Linked by Thom Holwerda on Tue 7th Nov 2017 11:50 UTC
OSNews, Generic OSes

Andrew S. Tanenbaum, creator of MINIX, has published an open letter to Intel regarding Intel's use of MINIX in the IME:

The only thing that would have been nice is that after the project had been finished and the chip deployed, that someone from Intel would have told me, just as a courtesy, that MINIX 3 was now probably the most widely used operating system in the world on x86 computers. That certainly wasn't required in any way, but I think it would have been polite to give me a heads up, that's all.

If nothing else, this bit of news reaffirms my view that the Berkeley license provides the maximum amount of freedom to potential users. If they want to publicize what they have done, fine. By all means, do so. If there are good reasons not to release the modified code, that's fine with me, too.

I can still barely believe this whole story.

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RE[3]: freedom
by The123king on Tue 7th Nov 2017 16:01 UTC in reply to "RE[2]: freedom"
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+Companies producing open-source drivers would have to negotiate patents, 3rd party code, general code ownership (even when 1st party) and potential exposure of trade secrets. proprietary code negates these issues. Another issue is the cost of producing clean-room engineered drivers lacking patented code and ownership issues is quite expensive, relative to proprietary drivers. This is added cost for very little benefit when you take into account the limited market share of open-source operating systems. Hence, 1st party open source drivers are almost non-existent.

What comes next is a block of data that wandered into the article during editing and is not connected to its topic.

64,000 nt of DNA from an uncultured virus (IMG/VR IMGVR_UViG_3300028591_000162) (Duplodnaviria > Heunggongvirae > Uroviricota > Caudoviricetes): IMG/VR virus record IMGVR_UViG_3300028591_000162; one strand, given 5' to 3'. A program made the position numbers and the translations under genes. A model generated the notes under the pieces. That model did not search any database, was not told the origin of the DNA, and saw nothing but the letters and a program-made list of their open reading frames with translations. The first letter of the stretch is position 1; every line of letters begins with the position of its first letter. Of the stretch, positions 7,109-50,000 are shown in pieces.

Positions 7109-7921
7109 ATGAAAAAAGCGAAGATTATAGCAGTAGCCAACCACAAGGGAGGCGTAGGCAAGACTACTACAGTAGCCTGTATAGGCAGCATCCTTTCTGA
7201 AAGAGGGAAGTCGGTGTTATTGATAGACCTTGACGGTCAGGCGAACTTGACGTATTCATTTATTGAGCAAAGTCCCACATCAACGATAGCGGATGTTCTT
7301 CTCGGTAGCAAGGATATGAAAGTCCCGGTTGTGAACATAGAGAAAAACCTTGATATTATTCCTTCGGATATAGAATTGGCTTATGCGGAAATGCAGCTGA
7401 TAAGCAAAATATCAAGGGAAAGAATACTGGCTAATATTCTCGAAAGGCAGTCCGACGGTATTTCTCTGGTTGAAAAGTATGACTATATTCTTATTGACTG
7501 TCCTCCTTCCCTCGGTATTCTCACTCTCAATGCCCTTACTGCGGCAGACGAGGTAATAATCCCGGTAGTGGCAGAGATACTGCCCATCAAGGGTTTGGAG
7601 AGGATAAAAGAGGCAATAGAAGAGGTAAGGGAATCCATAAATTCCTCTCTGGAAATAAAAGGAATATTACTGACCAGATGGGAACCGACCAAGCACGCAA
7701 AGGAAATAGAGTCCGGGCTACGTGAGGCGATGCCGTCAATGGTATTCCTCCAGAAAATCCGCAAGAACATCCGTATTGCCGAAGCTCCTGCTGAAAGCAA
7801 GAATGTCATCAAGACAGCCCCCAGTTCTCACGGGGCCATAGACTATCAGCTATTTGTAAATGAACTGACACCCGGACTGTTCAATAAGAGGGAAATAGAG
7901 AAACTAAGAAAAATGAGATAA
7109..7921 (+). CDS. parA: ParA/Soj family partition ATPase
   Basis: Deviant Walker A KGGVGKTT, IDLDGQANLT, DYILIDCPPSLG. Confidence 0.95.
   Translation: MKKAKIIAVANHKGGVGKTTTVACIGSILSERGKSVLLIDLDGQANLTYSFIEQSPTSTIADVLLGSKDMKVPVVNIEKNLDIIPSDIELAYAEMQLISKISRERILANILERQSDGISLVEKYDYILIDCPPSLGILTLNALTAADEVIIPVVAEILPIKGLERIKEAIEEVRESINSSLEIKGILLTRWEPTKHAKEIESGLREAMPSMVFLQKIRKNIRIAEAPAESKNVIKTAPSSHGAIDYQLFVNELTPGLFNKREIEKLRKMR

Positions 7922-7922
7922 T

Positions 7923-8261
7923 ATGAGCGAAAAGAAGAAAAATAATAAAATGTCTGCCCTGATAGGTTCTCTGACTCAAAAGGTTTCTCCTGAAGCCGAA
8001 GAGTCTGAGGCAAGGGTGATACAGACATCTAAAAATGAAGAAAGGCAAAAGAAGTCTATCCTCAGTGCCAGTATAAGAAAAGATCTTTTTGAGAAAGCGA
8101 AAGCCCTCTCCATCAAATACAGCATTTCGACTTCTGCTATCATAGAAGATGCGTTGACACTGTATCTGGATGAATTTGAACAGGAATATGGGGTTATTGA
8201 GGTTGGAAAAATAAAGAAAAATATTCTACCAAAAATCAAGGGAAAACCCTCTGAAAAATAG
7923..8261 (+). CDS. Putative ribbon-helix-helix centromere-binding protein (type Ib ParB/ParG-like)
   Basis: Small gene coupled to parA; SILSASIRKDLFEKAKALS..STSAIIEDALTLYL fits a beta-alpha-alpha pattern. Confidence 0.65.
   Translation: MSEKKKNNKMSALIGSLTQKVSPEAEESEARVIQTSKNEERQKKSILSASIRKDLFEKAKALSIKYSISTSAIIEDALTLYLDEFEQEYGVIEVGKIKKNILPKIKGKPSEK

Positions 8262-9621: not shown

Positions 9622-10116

So can you provide a reasonable argument refuting my claims, or are you going to resort to "ZOMGZORS UR TALKING BOLLOCKS AND UR FACE IS UGLY AND U SMELL!!!"

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